Online Gambling in the EU


Online Gambling in the EUThe advent of online gambling paired with mobile technology has presented something of a quandary for member countries of the EU in terms of the regulation of casinos that have no physical location and players that can access those casinos from any location. Each individual country is primarily responsible for creating its own licensing requirements as well as enforcing them. However, there are also standard regulations that have been put forth by the EU in response to a growing need for cooperation between members for the purpose of player protection in this rapidly expanding industry. In order to better understand the complexities between the EU, individual member countries and the regulation of online gambling, we have to look at how the internal market relates to this industry and the risks that face the increasing number of online gamblers.

How Will Brexit Affect UK Players?

The UK Gambling Commission remains one of the most highly respected licensors in the world. For now, UK players’ primary concern may be how this will affect gaming taxes. Only time will reveal the full impact of Brexit on the online gambling industry and UK players.

The European Union and Mutual Recognition

The European Union is comprised of a collection of 28 member countries that share a single market based on the principle of mutual recognition which guarantees that people, services, goods and money can move freely between members. The number of members may drop from 28 to 27 due to the UK’s controversial Brexit which recently passed with a majority vote in June of 2016. While the UK has been a member since 1973, the current political wind is shifting toward independence from the EU. Currently, the remaining member countries include: Austria, Bulgaria, Belgium, Cyprus, Croatia, Denmark, Czech Republic, Estonia, France, Finland, Greece, Germany, Hungary, Ireland, Italy, Latvia, Lithuania, Poland, Netherlands, Luxembourg, Malta, Portugal, Romania, Slovakia, Slovenia, Sweden and Spain.

The European Union & Online Gambling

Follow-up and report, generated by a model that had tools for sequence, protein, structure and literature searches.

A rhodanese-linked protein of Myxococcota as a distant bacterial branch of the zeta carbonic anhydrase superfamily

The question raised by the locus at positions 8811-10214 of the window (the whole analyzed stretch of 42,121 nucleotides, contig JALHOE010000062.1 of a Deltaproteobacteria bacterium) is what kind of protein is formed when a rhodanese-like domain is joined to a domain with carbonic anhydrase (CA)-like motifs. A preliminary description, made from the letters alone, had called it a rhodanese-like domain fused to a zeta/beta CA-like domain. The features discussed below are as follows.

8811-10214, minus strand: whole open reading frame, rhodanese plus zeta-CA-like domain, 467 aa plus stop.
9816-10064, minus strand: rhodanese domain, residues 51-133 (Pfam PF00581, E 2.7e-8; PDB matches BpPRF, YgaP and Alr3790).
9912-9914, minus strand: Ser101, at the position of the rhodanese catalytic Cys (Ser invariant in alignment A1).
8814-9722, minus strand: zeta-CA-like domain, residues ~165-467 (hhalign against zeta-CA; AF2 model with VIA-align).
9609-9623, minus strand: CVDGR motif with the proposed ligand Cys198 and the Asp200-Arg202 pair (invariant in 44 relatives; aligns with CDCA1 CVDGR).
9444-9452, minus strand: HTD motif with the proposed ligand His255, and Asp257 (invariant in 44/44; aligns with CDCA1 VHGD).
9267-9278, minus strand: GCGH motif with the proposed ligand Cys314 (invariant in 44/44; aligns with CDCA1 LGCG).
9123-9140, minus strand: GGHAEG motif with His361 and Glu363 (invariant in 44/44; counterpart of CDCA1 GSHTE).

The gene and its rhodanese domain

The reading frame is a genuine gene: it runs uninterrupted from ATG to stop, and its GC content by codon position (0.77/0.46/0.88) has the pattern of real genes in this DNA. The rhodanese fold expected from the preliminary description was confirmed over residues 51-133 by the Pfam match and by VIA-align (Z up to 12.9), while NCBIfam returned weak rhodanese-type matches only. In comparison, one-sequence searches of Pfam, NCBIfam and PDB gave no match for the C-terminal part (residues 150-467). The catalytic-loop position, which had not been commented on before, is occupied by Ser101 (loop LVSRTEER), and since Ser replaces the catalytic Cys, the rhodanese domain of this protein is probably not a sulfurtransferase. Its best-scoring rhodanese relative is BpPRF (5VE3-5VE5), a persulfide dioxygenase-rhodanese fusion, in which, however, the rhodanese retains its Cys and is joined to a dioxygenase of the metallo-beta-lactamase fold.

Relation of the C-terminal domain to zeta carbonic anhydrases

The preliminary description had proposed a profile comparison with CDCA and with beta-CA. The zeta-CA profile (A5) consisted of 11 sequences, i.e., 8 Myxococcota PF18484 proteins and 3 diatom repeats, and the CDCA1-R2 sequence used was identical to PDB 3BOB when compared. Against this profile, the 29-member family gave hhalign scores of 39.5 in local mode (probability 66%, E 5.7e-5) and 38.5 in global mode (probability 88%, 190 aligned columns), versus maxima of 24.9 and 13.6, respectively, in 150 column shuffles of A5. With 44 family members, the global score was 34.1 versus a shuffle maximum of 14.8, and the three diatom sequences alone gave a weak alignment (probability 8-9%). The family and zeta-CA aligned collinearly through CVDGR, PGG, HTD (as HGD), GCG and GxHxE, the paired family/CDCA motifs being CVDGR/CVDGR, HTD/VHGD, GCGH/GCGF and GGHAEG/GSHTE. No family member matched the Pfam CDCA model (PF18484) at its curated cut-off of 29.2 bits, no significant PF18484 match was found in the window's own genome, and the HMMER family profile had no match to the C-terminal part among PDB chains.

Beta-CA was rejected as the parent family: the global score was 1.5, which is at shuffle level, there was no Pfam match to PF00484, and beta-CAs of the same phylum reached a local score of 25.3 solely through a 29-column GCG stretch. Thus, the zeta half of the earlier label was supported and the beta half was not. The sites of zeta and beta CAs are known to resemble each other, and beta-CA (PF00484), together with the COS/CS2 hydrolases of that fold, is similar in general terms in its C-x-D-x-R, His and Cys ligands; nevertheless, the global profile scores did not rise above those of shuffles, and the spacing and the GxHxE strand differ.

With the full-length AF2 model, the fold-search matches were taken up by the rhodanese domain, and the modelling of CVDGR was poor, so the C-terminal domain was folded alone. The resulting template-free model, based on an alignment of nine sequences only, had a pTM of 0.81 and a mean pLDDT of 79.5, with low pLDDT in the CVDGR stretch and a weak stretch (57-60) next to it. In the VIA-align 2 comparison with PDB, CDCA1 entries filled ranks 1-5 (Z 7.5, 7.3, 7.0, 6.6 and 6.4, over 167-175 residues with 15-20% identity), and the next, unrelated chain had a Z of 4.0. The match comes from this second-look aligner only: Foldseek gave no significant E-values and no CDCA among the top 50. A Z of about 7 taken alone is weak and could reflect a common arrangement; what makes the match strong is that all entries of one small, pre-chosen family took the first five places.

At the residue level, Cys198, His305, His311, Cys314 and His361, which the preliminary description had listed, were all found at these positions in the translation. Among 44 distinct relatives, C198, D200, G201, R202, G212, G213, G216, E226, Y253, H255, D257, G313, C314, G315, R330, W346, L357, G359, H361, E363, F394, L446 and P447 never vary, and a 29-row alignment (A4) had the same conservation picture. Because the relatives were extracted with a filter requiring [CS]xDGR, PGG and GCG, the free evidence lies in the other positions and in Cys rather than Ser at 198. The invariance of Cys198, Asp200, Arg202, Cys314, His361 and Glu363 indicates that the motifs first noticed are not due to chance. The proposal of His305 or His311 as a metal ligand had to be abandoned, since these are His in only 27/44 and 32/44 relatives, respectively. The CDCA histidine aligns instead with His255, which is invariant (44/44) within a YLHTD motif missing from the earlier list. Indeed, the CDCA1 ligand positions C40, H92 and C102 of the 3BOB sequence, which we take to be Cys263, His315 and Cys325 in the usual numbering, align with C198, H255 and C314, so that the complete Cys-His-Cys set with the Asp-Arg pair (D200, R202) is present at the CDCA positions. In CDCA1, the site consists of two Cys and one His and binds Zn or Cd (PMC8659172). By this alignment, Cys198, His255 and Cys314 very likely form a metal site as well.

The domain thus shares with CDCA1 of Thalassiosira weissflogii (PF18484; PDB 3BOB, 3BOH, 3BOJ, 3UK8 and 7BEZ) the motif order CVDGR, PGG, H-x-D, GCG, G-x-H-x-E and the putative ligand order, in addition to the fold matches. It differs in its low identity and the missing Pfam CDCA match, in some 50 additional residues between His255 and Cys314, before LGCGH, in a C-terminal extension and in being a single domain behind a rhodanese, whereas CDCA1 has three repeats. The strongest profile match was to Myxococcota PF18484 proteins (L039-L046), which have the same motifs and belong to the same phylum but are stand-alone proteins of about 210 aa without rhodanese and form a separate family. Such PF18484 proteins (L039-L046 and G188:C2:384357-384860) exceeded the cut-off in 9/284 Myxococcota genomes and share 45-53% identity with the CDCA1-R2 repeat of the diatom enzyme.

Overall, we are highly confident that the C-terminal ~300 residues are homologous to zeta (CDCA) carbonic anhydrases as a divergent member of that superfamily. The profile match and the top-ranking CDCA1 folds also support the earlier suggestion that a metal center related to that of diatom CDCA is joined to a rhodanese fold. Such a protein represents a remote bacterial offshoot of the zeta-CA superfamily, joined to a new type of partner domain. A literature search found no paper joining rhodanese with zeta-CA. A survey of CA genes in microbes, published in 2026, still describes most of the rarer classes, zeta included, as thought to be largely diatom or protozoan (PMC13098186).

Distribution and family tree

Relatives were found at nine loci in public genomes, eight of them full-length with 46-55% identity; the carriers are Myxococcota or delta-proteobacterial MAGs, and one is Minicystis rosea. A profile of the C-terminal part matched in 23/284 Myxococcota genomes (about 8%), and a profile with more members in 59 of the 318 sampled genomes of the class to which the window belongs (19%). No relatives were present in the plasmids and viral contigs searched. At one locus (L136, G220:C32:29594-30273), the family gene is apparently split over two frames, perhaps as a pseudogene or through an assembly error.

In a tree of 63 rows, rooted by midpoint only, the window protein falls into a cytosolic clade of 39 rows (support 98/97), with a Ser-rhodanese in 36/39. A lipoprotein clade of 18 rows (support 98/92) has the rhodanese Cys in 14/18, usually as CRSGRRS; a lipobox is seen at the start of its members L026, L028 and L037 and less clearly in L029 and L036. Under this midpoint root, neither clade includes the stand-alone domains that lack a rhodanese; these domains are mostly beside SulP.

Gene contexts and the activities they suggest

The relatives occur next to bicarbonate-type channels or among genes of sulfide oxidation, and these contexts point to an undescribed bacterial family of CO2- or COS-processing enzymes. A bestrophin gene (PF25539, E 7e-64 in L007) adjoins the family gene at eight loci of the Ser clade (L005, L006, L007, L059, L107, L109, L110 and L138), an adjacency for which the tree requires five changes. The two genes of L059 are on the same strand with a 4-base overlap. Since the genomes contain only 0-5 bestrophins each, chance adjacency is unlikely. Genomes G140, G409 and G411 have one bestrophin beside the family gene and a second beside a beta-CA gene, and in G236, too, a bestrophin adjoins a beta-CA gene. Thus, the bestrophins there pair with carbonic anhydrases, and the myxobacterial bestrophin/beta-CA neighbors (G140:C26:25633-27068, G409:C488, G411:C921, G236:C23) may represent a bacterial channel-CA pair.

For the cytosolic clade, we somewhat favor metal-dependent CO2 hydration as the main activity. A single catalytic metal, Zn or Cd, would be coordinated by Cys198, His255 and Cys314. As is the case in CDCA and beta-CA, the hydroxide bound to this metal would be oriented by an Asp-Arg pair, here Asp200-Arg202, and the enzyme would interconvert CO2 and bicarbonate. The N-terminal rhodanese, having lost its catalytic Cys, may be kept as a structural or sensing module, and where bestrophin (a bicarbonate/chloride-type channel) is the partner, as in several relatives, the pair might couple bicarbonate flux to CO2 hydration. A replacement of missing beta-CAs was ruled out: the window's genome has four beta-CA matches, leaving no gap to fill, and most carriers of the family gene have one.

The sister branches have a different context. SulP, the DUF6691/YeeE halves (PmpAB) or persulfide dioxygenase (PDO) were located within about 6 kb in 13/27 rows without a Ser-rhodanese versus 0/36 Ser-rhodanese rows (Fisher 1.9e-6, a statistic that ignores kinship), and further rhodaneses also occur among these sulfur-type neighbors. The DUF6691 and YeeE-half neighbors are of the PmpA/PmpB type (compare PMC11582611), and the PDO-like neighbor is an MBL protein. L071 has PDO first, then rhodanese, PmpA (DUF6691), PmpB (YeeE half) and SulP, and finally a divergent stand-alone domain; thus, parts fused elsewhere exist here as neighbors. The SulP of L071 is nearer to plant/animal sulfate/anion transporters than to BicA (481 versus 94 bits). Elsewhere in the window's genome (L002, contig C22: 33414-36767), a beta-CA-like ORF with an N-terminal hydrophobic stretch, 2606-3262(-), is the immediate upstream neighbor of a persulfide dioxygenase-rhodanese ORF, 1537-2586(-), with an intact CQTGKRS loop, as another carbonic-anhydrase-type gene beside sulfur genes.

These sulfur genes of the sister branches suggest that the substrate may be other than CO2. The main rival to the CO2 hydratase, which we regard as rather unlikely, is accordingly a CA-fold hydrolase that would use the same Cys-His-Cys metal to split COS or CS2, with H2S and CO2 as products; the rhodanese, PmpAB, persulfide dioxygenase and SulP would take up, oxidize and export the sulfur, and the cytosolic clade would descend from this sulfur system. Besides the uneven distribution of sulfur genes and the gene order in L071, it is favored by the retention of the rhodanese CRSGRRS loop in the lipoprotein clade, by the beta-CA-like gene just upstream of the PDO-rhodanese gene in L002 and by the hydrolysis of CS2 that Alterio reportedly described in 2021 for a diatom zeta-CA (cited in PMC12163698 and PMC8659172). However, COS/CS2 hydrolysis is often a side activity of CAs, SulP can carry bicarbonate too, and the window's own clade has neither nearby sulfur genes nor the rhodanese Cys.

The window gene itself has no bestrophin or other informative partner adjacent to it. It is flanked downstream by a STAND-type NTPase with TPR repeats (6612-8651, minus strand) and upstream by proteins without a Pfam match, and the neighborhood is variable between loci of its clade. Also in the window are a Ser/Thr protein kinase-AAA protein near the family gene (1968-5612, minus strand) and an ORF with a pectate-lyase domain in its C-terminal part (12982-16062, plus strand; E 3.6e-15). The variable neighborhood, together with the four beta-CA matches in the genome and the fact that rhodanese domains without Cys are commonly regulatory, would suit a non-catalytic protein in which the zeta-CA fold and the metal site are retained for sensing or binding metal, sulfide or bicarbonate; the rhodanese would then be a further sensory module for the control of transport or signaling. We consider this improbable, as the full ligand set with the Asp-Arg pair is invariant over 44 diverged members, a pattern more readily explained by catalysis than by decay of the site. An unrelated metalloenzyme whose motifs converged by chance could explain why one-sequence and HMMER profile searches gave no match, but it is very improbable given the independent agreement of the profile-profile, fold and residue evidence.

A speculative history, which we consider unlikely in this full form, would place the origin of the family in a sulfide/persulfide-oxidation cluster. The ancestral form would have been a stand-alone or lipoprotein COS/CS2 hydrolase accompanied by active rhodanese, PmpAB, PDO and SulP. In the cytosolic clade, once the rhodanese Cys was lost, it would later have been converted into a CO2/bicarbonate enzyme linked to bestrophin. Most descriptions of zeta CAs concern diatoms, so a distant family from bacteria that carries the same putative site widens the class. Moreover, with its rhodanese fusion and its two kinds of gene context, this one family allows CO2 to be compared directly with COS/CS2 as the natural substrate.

According to the European Commission, online gambling makes up 12% of the EU’s gambling market which is worth €84.9 billion. Online gambling is rapidly growing at an annual rate of nearly 15% with an increase of around €13 billion each year. It is estimated that 6.8 million online gamblers play their favorite casino games online including a variety of slots, poker, bingo, lottery, betting services & table games. With this growing number of players with access to online casinos via desktop and mobile devices, the risk of falling prey to fraud, money laundering and fixed sports betting has become increasingly apparent. [1]

In the industry of online gambling, each individual member country of the EU is primarily responsible for its own regulatory framework that applies to both players and online casinos. While there is quite a bit of diversity between members of the EU in this regard, in 2011, 85% of online gambling websites were unlicensed and unregulated spurring the EU into action.

The EU’s Action Plan for Online Gambling

In 2012, the EU set out a plan that encouraged cooperation between members and included standard regulations such as a minimum age requirement of 18 years, stipulations for aiding those with a gambling addiction, the prevention of fraud / money laundering, accountability for false advertising and policies protecting the integrity of sports betting.

These key elements of regulation and licensing have since become central to each member’s individualized regulatory requirements. The primary purpose in proposing these centralized regulations was to minimize the risks of online gambling in the areas of fraud and money laundering. The EU encouraged these measures in response to the increasing need to protect players from fraudulent online casinos.

Bilateral Cooperation Agreements in Online Gambling Licensing and Regulation

While regulatory frameworks containing centralized components are individual to each member, there are also some instances of bilateral cooperation agreements between EU members. For instance, in 2011 France and Italy’s gambling authorities used shared experience to improve the effectiveness of regulation. In 2012, Denmark and Malta shared information to improve both licensing and regulation across borders. In addition, Denmark also cooperated with Alderney, the Isle of Man and Gibraltar. That shared experience has gone a long way in enforcing the regulations that protect players from online threats.



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